This could lead to hours of entertainment (depending on your definition of fun, of course). I uploaded a few experiments that didn’t turn out too badly on Flickr. The current rules show a kind of literal winning streak, as a cell that remains occupied for many generations ends up being brightly illuminated.

I think these images look quite good when scaled up. It only takes about a second to draw these, but would take much longer to stick them on the wall:

The rules for specifying a change in color could do with some kind of systematic definition, perhaps, such that, say, “rule C81” means “increase colorstop by amount if previous parent is 1, decrease it if previous uncle-aunt is 1”, and so on. Then you could pass a set of color rules to the drawing function. (uncle-aunt? I couldn’t find a word for something that is either an uncle or an aunt, but not a parent…)

Instead of drawing simple squares, it’s possible to draw other shapes. I’m quite fond of the squircle — you can change the rt parameter to get different shapes:

(This SVG is quite big, and won’t display in Juno. But it should load in a browser.)

### Getting around to it

It occurred to me that you could take a rectangular array and wrap it into a circle.

This shows all the rules in this circular form.

(Again, this image is quite demanding for SVG and can take a while to load, even though it doesn’t take long to generate.)

After playing with this idea, I thought it would make some nice jewellery:

This is rule 150. I mapped the array to a semicircle and drew it twice.

### And it moves

Many of the rules have limited career paths. Some fizzle out very quickly, others settle down into a stable if repetitive life style. There are a few that continue to make patterns as the number of generations heads off into the thousands.

The unpredictable high achiever of the 1D cellular automata world is Rule 110. The rule itself is so simple, it could have been described in a Shakespeare play:

[Enter HAMLET, stage left.]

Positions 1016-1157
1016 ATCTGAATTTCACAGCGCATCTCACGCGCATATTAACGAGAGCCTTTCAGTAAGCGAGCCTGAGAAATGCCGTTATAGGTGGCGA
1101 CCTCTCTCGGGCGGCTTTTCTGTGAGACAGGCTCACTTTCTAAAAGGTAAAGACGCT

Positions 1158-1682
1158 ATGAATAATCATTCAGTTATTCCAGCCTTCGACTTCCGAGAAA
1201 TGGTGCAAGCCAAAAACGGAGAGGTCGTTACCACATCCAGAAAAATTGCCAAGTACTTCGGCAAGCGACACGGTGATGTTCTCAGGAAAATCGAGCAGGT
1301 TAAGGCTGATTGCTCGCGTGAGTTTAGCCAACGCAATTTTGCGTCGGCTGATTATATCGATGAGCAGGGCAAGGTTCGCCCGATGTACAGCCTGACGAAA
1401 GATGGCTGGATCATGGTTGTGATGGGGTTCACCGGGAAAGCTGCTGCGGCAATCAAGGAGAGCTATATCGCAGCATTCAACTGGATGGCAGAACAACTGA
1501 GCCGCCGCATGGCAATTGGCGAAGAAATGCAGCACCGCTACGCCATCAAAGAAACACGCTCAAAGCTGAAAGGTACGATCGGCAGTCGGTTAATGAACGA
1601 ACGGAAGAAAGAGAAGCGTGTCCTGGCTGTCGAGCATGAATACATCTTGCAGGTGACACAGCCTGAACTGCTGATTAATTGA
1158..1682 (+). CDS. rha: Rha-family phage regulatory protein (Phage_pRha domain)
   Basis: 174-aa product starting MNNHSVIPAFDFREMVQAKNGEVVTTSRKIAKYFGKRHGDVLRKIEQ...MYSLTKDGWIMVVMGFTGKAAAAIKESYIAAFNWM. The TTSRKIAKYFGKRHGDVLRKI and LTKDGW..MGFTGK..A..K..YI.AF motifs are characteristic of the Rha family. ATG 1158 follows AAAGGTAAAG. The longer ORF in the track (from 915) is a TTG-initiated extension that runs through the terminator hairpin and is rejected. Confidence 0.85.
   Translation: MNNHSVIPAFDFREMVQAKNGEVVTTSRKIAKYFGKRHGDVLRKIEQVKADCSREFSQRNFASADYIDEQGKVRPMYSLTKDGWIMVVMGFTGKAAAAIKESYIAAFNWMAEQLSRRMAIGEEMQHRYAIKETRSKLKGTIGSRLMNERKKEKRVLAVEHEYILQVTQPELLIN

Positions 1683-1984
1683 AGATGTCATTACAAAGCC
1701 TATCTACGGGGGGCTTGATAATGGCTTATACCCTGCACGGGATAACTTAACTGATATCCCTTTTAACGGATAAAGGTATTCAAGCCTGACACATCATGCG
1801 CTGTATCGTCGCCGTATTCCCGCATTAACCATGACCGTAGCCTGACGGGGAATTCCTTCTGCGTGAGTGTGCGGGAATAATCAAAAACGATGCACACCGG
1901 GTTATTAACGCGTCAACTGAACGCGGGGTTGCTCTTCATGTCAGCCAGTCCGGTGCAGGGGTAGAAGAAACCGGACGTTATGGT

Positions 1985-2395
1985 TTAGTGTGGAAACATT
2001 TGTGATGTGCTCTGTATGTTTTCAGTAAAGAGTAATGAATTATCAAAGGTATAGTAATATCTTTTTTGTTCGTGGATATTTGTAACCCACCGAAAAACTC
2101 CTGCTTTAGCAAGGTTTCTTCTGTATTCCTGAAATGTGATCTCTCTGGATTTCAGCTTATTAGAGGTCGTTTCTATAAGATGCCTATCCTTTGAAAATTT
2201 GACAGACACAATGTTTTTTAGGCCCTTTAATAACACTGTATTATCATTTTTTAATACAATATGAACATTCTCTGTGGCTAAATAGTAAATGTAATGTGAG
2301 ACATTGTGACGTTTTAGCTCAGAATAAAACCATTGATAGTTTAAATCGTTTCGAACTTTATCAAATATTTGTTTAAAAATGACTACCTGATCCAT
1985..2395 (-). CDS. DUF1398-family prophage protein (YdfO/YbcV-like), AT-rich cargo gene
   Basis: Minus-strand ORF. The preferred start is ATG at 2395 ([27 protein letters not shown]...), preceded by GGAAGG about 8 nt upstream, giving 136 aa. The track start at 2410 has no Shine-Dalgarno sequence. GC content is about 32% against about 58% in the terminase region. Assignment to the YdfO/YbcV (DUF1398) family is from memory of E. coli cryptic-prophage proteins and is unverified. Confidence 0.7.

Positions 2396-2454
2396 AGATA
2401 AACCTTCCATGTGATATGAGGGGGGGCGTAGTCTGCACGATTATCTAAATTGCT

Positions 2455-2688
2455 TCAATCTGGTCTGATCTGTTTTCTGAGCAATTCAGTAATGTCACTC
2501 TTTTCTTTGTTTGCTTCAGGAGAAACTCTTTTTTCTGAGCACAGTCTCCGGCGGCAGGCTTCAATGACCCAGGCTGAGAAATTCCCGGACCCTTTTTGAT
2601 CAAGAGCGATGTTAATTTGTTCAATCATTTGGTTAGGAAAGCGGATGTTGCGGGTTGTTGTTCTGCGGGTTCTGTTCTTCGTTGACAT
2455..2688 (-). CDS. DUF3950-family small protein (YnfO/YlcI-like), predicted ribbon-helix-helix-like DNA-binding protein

For Zeros become Ones at all positions,

Where the value to the right is One.

Yet Ones are changed to Zeros where’er

The values to left and right are One.

And yet this simple rule has been the subject of an astonishing amount of analysis, such as this in-depth paper by Martinez et al published in the wonderfully-named International Journal of Unconventional Computing. Matthew Cook’s famous paper proved that Rule 110 is capable of emulating the activity of a Turing machine.

I understood very little of those wonderful papers, but they did make me want to at least see Rule 110 in action, just in case I could spot all those cyclic tags, meta-gliders, and pseudo-solitons.

If each frame moved the history ‘window’ by one generation, you’d get a jerky animation. The smooth-scrolling used here shifts the contents by a few pixels in each frame but changes the contents less often. This requires more frames than generations, so 300 frames with a smoothscrolling value of 10 shows only 30 new generations after the initial bunch.

This GIF does have a few problems; the conflicting demands of file size, image size, image quality, and scroll speed work against each other. There’s a slight flickering, due I think to the rounding or aliasing in the GIF. You could make the GIF as long as you want, subject of course to the maximum size of animated GIF that you’re prepared to handle. (And yes, this page does take a long time to load. Sorry.)

Videos also have their problems with this kind of content, because the downsampling commonly applied can affect the detail. To see what I mean, try watching Rule 110: The Movie (on YouTube). (This is my submission for YouTube’s Most Boring Video 2018 competition.)

### Solid work

If you want to do more than just look at pictures on the screen—perhaps you’re building your own railway station?—here are some tips for exporting the graphics to your favourite 3D modeller.

First, place a box or shape around the outside of the design, and use the :path action rather than :fill or :stroke. Then, to draw what are now the ‘holes’, use newsubpath() before drawing each hole, and make sure to draw the holes with reversed paths (using the reversepath keyword, for example).

So this is a single path, and the holes are reversed subpaths. When you import this single path into a 3D modelling program, you should be able to extrude it into a solid without problems. Here’s one modelled as a thin gold reflective sheet.

It’s hard to resist playing with 3D modellers… I added some fog and a rusty metal effect:

If you omit the surrounding path, it might still work visually. It would be a challenge to hang all these pieces on a gallery wall:

These little critters are quite interesting, and there are a fair number of scientific papers with “cellular automata” in the title . I think this must be because, although things don’t get much simpler than a cellular automaton, perhaps they might—in some strange way—be similar to how the universe itself works when you zoom in close enough.

[2018-11-29]